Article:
Kubernetes Namespace 101

29 November 2018

Namespaces are Kubernetes objects which partition a single Kubernetes cluster into multiple virtual clusters.

Namespaces are Kubernetes objects which partition a single Kubernetes cluster into multiple virtual clusters. Each Kubernetes namespace provides the scope for Kubernetes Names it contains; which means that using the combination of an object name and a Namespace, each object gets a unique identity across the cluster.

By default, a Kubernetes cluster is created with the following three namespaces:

  • default: By default, all the resource created in the Kubernetes cluster are created in the default namespace. By default the default namespace can allow applications to run with unbounded CPU and memory requests/limits (Until someone set resource quota for the default namespace).
  • Kube-public: Namespace for resources that are publicly readable by all users. This namespace is generally reserved for cluster usage.
  • Kube-system: It is the Namespace for objects created by Kubernetes systems/control plane.

Prerequisites

  • Basic experience with Linux/Unix system.
  • Familiarity with Kubernetes.
  • Kubernetes cluster to perform the demo.

Create a Namespace.

  • List the namespaces present in the Kubernetes cluster.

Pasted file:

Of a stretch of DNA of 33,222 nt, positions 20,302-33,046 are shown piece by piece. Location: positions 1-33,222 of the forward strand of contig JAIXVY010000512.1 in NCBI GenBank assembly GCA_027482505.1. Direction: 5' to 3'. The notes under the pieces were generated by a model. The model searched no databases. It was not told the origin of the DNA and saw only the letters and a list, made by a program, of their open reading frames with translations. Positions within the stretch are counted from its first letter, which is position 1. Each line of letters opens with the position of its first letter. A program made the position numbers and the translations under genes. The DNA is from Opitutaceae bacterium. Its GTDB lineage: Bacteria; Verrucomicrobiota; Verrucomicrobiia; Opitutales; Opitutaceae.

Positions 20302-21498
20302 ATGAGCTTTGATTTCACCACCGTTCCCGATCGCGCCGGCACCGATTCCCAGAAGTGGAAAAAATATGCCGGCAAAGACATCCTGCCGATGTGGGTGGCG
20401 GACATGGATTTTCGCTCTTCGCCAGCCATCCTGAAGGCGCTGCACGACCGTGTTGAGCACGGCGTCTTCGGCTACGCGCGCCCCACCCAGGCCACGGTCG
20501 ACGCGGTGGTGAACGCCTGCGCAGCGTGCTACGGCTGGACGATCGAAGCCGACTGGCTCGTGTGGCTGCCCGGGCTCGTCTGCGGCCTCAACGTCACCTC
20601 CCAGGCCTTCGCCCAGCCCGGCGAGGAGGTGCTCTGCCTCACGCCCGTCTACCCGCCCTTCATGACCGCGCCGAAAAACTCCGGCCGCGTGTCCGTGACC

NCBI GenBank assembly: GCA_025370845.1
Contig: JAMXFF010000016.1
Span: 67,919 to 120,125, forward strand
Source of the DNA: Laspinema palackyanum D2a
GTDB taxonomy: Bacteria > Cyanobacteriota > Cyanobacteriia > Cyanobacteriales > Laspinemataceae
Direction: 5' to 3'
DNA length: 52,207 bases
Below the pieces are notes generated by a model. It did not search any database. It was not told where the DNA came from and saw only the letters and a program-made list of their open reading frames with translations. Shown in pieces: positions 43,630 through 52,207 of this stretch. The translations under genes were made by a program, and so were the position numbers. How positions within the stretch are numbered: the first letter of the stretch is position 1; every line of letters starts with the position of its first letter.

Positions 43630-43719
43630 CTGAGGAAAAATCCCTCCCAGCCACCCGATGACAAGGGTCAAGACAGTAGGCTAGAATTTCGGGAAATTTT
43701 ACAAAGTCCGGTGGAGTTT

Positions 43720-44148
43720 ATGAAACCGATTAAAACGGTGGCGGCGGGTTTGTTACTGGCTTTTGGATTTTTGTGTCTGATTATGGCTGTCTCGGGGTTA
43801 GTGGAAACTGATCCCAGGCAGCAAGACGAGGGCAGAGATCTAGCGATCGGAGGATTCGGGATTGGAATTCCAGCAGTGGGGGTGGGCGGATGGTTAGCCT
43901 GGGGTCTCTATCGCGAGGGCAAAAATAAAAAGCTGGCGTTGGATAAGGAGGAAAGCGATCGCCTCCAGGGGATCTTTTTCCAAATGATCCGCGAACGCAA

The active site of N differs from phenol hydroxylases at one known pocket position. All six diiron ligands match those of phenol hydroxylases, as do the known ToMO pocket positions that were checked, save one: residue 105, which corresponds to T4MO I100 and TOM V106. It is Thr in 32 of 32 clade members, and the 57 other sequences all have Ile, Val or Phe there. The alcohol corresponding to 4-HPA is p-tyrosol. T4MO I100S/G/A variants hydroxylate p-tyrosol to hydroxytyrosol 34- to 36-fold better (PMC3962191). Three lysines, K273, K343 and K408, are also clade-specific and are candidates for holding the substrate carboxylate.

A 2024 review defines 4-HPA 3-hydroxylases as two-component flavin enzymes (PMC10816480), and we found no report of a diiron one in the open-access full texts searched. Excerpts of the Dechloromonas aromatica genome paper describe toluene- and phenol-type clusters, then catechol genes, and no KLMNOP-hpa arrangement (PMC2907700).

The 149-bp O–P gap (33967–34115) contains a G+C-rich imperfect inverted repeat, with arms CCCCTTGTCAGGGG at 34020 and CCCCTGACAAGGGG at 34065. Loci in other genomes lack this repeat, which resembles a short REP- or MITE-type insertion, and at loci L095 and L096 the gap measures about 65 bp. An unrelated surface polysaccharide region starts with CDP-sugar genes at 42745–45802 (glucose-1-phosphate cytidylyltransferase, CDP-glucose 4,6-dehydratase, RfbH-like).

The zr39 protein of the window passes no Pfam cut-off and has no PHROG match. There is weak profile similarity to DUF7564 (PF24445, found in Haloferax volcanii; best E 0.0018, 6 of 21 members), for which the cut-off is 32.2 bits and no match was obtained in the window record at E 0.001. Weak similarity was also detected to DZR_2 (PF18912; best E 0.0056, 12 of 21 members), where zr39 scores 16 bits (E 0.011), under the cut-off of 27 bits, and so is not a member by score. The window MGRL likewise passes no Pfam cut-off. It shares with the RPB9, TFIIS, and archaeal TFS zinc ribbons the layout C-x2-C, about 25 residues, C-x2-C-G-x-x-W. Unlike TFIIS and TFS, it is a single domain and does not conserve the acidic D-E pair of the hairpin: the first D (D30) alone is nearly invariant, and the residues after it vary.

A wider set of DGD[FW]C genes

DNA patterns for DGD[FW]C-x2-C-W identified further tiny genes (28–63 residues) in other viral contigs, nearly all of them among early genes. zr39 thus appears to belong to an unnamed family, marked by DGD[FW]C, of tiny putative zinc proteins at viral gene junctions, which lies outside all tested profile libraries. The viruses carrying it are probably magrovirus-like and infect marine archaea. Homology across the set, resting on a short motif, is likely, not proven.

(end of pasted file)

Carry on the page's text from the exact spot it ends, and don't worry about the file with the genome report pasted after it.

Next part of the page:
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We can create a Namespace in two ways either by using kubectl create namespace command or by using a configuration file.

  • Create a new namespace my-namespace with command.
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  • List the namespaces.
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We can also create a namespace using the configuration file.

  • Let's create a namespace from the configuration file.
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  • Deploy the above file.
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  • List the namespaces.
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Use-cases of Namespaces

Partition Cluster resources.

Kubernetes Namespaces can be used to divide a cluster into logical partitions allowing a single large Kubernetes cluster to be used by multiple users and teams, or a single user with multiple applications. Each user, the team, or application running in a Namespace, is isolated from every other user, team, or application in other Namespaces and they operate as if they are the sole user of the cluster (note that Namespaces do not provide network segmentation).

Deploy the application in a specific namespace.